An old joke relates the story of a man who contrived to have his faithful horse named a Kentucky Colonel. The punchline is that the animal’s chief distinction lay in being the only whole horse ever awarded the title.
It’s long been recognized that becoming a Kentucky Colonel was no big deal. About all you had to do was know someone who knew someone in the secretary of state’s office and the deed could be done in a jiff. The governor dutifully attached his signature, perhaps without even noticing the name of the honoree.
The nature of the process virtually reduces to absurdity a controversy that arose over the appointment of 1,127 Colonels since Alison Lundergan Grimes took office as secretary of state in January. The Courier-Journal reported about 675 of those recipients had contributed to her campaign and 10 of the donors told the paper their certificates arrived in the mail along with a letter on the secretary of state’s stationery thanking them for their “help and support” in the election.
The secretary said her office handles the processing of Colonel’s commissions but she is paying the postal costs out of her own pocket until the state budget is finalized.
Determined to get to the bottom of this situation, the newspaper cross-checked names of the new Colonels against a list of contributors to Grimes’ campaign and found more than half the names matched, with 40 other Colonels being spouses of contributors. The secretary of state’s office maintained the numbers were overstated.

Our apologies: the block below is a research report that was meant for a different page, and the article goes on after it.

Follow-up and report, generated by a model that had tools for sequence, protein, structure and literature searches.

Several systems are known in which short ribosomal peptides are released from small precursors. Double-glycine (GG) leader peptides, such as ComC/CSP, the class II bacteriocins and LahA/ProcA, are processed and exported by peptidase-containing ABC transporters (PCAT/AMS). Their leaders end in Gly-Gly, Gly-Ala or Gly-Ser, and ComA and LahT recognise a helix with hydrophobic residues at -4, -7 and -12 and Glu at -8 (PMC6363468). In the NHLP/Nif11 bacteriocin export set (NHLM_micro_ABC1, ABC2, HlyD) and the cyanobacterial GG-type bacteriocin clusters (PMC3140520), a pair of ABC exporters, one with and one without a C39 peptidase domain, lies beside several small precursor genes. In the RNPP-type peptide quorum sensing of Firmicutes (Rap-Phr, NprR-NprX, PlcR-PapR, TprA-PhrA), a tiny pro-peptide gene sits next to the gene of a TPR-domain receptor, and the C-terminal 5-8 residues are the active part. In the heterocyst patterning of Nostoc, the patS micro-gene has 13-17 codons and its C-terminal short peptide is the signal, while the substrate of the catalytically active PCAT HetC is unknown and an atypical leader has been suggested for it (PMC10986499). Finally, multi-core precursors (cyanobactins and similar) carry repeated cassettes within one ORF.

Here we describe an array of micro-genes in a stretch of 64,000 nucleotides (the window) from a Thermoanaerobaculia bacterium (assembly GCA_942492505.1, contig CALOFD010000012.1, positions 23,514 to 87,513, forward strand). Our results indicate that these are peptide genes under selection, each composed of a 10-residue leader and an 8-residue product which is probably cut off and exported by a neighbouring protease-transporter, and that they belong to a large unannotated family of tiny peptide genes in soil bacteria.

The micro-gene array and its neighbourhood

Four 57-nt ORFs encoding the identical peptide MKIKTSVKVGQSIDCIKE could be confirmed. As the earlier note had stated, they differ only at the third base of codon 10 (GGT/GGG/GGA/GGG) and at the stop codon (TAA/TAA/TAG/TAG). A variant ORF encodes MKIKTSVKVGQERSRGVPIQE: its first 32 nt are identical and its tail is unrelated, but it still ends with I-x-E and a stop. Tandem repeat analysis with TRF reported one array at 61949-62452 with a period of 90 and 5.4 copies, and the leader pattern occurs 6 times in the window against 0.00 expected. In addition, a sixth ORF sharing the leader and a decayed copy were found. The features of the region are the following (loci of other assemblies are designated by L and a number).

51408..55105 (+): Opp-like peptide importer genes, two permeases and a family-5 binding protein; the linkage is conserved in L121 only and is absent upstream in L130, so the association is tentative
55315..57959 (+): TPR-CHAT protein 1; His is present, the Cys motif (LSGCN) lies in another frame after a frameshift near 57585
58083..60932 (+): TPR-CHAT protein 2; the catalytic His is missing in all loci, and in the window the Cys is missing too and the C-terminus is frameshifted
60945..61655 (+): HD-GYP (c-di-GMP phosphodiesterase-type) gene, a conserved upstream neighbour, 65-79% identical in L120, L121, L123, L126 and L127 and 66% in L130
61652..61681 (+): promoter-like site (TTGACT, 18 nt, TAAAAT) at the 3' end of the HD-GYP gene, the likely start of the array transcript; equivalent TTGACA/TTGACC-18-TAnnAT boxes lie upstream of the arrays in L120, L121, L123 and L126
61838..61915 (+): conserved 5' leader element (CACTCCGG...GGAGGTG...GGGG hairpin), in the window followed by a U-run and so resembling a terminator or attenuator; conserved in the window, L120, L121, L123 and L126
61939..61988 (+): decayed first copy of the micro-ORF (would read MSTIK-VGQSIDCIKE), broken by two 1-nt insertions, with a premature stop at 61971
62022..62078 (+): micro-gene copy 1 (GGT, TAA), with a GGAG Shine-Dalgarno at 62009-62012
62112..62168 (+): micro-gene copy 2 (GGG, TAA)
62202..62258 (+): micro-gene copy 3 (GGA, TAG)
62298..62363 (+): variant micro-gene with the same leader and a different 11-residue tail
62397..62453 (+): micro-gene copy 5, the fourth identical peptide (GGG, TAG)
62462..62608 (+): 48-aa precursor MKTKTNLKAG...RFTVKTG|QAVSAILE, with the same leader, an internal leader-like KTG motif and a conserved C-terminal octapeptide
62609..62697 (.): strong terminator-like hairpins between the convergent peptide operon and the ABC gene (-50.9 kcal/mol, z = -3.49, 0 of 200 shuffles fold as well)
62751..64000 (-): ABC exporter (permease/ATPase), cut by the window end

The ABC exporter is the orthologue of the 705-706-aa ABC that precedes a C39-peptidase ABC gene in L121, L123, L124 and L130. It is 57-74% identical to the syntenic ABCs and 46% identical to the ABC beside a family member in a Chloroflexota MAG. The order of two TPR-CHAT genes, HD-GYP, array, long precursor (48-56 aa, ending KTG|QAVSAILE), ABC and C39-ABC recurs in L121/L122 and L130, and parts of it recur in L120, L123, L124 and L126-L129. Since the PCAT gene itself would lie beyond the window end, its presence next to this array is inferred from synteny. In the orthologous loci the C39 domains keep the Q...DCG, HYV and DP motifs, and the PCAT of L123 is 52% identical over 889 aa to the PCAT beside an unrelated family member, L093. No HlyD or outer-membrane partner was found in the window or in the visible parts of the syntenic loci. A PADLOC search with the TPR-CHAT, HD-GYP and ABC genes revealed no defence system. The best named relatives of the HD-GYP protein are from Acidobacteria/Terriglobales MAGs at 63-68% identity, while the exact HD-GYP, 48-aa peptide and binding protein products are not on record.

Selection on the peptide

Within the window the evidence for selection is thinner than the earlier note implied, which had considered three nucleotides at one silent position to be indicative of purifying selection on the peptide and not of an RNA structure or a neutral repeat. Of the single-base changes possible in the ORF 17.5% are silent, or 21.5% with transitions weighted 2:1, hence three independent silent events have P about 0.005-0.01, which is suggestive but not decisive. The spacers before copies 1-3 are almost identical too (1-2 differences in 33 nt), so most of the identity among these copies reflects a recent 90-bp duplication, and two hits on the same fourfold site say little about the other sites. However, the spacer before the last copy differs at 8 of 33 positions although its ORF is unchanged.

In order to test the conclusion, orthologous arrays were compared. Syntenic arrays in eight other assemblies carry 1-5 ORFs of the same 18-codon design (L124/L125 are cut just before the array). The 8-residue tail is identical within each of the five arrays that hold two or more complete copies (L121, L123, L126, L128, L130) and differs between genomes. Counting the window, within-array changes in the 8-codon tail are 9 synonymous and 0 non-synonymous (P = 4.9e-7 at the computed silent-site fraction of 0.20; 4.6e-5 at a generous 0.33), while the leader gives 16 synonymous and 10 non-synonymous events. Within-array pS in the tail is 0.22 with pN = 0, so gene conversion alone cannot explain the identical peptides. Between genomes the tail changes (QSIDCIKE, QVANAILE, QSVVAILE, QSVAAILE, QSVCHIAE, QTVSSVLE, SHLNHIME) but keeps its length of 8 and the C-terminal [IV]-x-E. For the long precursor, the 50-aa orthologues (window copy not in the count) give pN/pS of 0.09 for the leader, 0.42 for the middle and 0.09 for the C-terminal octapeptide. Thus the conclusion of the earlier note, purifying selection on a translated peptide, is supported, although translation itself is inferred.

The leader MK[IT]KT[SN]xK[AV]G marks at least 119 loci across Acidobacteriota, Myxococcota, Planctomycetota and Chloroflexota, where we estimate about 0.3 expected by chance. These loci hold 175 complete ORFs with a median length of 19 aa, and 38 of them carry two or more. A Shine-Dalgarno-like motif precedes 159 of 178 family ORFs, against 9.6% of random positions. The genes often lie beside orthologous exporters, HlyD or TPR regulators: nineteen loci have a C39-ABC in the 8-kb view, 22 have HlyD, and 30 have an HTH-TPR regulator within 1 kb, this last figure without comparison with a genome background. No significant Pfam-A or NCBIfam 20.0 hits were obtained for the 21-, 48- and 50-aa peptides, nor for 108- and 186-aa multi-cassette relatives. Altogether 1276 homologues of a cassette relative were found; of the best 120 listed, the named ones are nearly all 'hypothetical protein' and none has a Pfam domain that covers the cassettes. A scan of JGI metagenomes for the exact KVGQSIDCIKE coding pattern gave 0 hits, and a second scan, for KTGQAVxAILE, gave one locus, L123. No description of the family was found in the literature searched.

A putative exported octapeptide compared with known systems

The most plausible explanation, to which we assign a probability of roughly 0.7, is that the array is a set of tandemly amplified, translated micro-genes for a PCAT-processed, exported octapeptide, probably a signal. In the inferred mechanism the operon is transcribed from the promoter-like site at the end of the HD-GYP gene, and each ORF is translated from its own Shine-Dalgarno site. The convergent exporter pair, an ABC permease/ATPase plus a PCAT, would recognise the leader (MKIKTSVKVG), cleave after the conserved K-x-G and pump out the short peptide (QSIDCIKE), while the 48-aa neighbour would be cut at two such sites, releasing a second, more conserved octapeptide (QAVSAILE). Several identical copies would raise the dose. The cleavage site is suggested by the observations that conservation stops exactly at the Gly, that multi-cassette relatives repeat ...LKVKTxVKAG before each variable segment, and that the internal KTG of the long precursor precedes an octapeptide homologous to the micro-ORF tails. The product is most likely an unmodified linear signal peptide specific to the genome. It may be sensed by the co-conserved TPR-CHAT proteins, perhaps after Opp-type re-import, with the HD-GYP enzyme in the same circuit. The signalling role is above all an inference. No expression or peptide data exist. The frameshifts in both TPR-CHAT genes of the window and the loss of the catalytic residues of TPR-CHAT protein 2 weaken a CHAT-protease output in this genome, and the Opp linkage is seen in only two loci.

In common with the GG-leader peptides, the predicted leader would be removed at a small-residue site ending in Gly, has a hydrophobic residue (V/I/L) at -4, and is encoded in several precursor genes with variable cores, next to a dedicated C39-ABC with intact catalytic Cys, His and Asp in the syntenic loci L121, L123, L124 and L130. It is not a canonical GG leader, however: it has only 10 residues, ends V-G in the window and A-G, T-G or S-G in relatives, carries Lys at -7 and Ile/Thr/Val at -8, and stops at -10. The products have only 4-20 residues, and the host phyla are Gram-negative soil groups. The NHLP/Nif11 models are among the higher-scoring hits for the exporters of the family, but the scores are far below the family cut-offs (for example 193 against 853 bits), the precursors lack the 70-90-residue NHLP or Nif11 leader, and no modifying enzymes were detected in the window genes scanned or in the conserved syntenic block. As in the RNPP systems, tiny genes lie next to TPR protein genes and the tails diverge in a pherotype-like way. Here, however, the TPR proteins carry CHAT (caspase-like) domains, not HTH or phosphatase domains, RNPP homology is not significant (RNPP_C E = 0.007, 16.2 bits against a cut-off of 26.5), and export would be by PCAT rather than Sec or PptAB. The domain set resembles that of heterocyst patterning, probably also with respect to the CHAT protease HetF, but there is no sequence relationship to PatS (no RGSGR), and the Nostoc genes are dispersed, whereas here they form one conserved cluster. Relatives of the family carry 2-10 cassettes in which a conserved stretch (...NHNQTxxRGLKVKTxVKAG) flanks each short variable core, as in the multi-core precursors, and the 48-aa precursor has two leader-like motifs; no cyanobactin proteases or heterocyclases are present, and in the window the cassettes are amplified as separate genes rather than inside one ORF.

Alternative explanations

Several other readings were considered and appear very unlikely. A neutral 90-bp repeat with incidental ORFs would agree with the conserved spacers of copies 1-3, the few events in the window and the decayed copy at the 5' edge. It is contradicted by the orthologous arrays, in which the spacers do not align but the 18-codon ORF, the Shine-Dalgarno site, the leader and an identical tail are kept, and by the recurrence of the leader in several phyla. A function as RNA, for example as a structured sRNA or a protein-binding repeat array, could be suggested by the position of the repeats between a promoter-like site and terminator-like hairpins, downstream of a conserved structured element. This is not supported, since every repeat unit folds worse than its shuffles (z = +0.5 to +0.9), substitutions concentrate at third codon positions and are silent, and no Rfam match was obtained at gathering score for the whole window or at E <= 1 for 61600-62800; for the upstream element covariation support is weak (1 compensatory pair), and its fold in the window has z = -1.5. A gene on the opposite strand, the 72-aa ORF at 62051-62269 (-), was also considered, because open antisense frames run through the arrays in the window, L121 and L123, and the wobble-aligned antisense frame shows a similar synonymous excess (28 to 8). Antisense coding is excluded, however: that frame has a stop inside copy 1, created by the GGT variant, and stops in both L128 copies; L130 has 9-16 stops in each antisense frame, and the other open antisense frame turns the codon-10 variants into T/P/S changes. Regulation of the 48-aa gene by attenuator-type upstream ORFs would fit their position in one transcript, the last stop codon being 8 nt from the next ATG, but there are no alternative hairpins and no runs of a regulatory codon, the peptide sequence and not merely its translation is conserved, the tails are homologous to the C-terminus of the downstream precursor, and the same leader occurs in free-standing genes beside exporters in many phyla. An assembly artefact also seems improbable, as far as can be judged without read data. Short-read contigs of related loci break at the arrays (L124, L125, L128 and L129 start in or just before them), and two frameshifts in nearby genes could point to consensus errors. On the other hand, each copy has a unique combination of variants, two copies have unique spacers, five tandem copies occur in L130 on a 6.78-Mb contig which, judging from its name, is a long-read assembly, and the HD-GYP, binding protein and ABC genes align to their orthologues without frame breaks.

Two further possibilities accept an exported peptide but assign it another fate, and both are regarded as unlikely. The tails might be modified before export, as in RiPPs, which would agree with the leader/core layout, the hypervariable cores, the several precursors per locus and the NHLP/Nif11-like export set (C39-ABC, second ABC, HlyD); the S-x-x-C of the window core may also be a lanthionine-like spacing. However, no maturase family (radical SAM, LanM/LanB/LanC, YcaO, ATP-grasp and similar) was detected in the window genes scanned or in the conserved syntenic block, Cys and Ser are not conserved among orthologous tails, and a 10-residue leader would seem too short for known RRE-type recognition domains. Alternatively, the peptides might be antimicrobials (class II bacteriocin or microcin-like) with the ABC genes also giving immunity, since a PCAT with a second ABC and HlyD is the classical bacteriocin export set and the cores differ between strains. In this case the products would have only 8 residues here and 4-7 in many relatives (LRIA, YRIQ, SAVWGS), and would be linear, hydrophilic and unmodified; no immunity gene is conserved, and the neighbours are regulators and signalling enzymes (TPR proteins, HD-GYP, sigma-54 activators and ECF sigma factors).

Grimes said she considers the Kentucky Colonels program an important function of her office and tries to pick honorees who “have done great things for this state, for this nation.” This presumably excludes horses but has included Bluegrass Community and Technical College students who visited her office, fourth-grade teachers who attended a health initiative and masons she met at the Capitol. Neither political affiliation nor contribution history has anything to do with the selections, she said.
Steve Robertson, state chairman of the Republican Party, was predictably unimpressed. He complained that the mailings created the perception of “mixing political business with state business.”
Among the new Colonels, the paper found, were state legislators, lobbyists, four former governors, other state officials, a powerful highway contractor and a coal executive.
The sheer number of Kentucky Colonel titles issued – 67,000 over the past four years according to Grimes – dims any aura of exclusivity surrounding the program. If the secretary really wanted to show her appreciation to campaign contributors, she should have invested in the postage to send out personal letters, not mere accompaniments to a certificate that traditionally has gone to pretty much any Tom, Dick and Harry in Kentucky, or elsewhere, who really wanted one.
No rational person who receives a Kentucky Colonel commission would list it on a job application in the expectation of career advancement. Nor does the badge count for much when it comes to currying favor with the rich and famous. It’s rank without privilege, small change in the currency of political influence.